from these various spheres are transformed into prices of production. 
This happens, moreover, by the continual transfer of capital from one 
sphere to another, where profit stands above the average for the time 
being. Something that must also be considered here, however, is the 
cycle of fat and lean years that follow one another in a given branch 
of industry over a particular period of time, and the fluctuations in 
profit that these involve. This uninterrupted emigration and 
immigration of capitals that takes place between various spheres of 
production produces rising and falling movements in the profit rate 
which more or less balance one another out and thus tend to reduce 
the profit rate everywhere to the same common and general level."

Neither contemporary "simultaneist" nor contemporary "temporalist" 
models seem to be a very good representation of this process. They 
both tend to neglect the dynamics of the motion of capital in and out 
of different branches that Marx emphasizes (closely following Smith). 
Both tend to come up with one equalized profit rate that is supposed 
to rule in a period, rather than demonstrating the gradual averaging 
process that Marx describes. Neither model represents the movement of 
capital from one branch to another which Marx seems to put in the 
center of the process.

6) I didn't have much better luck with understanding the tableaux 
this time than I have had before. It sure seems to me that Marx feels 
bad about not revaluing constant capital in some places. For example, 
on p. 265 (middle of chapter 9) he says:

"As the price of production of a commodity can diverge from its 
value, so the cost price of a commodity, in which the price of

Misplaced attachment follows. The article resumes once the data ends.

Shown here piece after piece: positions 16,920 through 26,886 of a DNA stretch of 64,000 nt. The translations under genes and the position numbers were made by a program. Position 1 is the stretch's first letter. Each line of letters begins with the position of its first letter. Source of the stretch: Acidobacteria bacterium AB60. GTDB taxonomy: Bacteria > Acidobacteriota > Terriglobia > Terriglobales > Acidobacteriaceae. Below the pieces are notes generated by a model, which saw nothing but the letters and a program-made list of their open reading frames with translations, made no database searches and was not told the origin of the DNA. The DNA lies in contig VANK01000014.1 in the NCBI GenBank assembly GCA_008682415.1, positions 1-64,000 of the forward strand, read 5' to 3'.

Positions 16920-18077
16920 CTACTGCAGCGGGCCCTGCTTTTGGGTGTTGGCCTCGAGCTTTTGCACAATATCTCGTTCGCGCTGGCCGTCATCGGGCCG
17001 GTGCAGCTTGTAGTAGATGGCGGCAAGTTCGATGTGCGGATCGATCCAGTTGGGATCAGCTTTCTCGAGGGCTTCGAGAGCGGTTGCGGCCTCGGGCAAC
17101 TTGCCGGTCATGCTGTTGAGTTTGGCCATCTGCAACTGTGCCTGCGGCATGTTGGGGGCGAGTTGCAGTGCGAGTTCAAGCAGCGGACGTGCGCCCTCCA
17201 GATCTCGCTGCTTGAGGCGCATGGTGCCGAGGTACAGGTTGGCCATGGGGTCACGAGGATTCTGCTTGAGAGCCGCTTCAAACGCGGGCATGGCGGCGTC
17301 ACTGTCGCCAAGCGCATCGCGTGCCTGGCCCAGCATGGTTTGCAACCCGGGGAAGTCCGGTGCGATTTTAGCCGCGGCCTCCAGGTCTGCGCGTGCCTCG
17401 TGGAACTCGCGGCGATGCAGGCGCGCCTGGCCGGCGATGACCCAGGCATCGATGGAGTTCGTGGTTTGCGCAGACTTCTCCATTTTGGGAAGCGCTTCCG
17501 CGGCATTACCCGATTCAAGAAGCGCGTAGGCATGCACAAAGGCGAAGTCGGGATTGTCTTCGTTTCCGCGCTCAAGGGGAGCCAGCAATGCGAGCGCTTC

production of other commodities is involved can also stand above or 
below the portion of its total value that is formed by the value of 
the means of production going into it. It is necessary to bear in 
mind this modified significance of the cost price, and therefore to 
bear in mind too that if the cost price of a commodity is equated 
with the value of the means of production used up in producing it, it 
is always possible to go wrong."

I find it very difficult to reconcile this kind of language with the 
idea that Marx made no distinction between the labor embodied in the 
constant capital and the money value of the constant capital at 
prices of production.

The best I could do on this reading was the impression that Marx uses 
the same tableaux, or at least parts of the same tableaux, to 
represent the situation both before and after the redistribution of 
surplus value through competition. Maybe if he had gone back and 
revised this he would have clarified this point.

7) If there's a problem with these chapters, perhaps it should be 
stated in terms of possible inconsistencies with the long-period 
position methodology, not with contemporary "simultaneism".


Duncan K. Foley
Leo Model Professor
Department of Economics
Graduate Faculty
New School University
65 Fifth Avenue
New York, NY 10003
messages: (212)-229-5717
fax: (212)-229-5724
e-mail: foleyd@cepa.newschool.edu
alternate: foleyd@newschool.edu
webpage: http://cepa.newschool.edu/~foleyd